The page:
22:44 GMT07 July 2020
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    Remote-controlled aircraft have become increasingly common within the military, but the legislation is lagging behind. At present, the Nordic Defense Ministries are considering law changes to make it easier to meet uninvited guests from above, after an unidentified drone disturbed the US-led BALTOPS exercise in Sweden.

    The US-led NATO exercise, in which Finnish and Swedish soldiers drilled landing operations with their colleagues from the US, Britain and Germany, reportedly received unwelcome visitors from above in mid-June. During the joint landing on the Swedish island of Utö in the Stockholm archipelago, unidentified remote-controlled aircraft flew into the restricted area, the Swedish newspaper Dagens Nyheter reported.

    "We have information that an unmanned aircraft flew over Utö on two occasions at night," Armed Forces Press Officer Philip Simon told Dagens Nyheter.

    Unmanned, remotely piloted aircraft have become regulars in crises and warfare. Even the Swedish military earlier purchased various drone types for their mission in Afghanistan. However, the drone that was detected over Utö was not part of the exercise and therefore baffled the Swedish Army. At present, the incident is being investigated by the Swedish military. Since the drones flew at a relatively high altitude of over 1,000 meters and did it at night, foreign surveillance was suspected to be behind the flight.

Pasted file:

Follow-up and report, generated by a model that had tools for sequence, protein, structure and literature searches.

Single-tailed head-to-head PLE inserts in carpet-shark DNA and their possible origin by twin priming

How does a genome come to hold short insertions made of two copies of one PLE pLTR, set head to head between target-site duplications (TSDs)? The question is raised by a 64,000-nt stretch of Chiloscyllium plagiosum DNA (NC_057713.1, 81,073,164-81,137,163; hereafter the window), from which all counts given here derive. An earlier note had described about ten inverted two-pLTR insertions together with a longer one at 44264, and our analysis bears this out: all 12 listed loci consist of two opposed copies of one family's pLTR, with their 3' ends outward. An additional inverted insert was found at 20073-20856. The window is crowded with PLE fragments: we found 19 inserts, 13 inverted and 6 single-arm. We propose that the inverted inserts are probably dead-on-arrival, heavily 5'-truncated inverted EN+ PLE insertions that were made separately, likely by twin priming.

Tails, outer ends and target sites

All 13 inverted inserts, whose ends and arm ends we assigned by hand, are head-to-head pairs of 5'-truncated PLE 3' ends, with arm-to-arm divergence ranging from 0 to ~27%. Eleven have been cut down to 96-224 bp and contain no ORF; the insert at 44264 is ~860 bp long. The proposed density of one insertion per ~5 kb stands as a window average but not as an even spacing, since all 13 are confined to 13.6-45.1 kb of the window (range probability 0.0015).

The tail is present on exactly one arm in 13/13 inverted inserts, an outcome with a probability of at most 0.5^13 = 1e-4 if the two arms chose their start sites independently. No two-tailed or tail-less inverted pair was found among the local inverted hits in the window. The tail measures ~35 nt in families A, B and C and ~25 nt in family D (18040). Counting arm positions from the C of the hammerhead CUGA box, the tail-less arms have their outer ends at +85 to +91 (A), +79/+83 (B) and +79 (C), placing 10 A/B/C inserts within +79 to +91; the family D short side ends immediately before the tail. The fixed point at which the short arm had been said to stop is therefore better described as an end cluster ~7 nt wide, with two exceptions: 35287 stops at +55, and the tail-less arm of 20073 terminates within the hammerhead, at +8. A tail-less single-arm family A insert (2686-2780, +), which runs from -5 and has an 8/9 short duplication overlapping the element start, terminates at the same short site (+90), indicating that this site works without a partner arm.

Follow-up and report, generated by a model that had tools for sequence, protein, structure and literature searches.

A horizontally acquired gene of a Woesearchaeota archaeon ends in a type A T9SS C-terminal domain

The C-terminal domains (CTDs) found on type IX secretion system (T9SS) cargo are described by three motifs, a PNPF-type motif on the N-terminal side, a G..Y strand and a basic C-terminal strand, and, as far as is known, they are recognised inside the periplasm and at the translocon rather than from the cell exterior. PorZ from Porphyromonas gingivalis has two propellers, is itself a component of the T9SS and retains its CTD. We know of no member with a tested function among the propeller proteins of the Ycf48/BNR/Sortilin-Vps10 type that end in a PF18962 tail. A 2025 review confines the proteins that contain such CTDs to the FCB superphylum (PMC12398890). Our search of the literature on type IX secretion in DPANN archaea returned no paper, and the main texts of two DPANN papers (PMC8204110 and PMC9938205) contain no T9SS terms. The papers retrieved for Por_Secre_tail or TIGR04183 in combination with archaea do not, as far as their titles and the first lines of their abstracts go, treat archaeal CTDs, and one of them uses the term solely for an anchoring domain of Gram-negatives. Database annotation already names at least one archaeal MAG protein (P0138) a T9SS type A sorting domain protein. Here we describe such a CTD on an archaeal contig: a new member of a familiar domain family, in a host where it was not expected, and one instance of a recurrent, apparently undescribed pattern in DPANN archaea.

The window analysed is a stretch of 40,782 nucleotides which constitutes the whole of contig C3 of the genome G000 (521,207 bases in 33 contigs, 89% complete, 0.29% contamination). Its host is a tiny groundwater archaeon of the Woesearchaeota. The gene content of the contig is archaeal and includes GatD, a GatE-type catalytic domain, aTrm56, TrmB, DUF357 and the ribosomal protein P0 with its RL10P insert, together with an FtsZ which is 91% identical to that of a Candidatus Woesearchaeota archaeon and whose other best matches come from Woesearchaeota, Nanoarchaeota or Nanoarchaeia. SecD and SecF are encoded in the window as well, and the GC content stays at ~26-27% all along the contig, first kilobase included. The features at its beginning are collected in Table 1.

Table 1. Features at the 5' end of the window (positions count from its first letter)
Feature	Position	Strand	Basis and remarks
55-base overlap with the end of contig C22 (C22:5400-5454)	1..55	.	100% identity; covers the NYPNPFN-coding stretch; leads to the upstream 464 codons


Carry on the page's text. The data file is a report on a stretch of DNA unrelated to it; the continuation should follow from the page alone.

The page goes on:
According to Dagens Nyheter, an unmanned aircraft with night cameras and infrared sensors can obtain any useful information about military units, staff, equipment and tactics. The Swedish military leaders were reportedly at a loss as how to react when reports of unwelcome airborne "invaders" came in to the headquarters. However, this is not the first time a drone has perplexed the Swedish military. Last year, a similar incident occurred in southern Sweden, as a media company used a drone for making pictures without permission during last year's edition of BALTOPS, Dagens Nyheter reported.

    Over the last decade, authorities in the Nordic countries have reported numerous violations of their airspace, but none of the reports has mentioned drones until now. Small unmanned aircraft are notoriously difficult to detect, as they are rarely detected by the radar, only seen with the naked eye.

    The Baltic countries, however, already have a record of unmanned drone visits. Last year, soldiers at the Estonian airbase Ämari reportedly opened fire on a helicopter drone with a camera, which was at once pinned on Russia. Subsequently, Latvian military bosses authorized personnel to shoot down drones over military training grounds.

    Defense authorities in Finland are currently pondering a revision of the legislation on unmanned aerial vehicles.

    "This is a very topical issue, as the number of drones has increased together with changes in our environment. At the moment, we are investigating legal changes that need to be done," Hanna Nordström of the Finnish Defense Ministry told the Finnish newspaper Hufvudstadsbladet.


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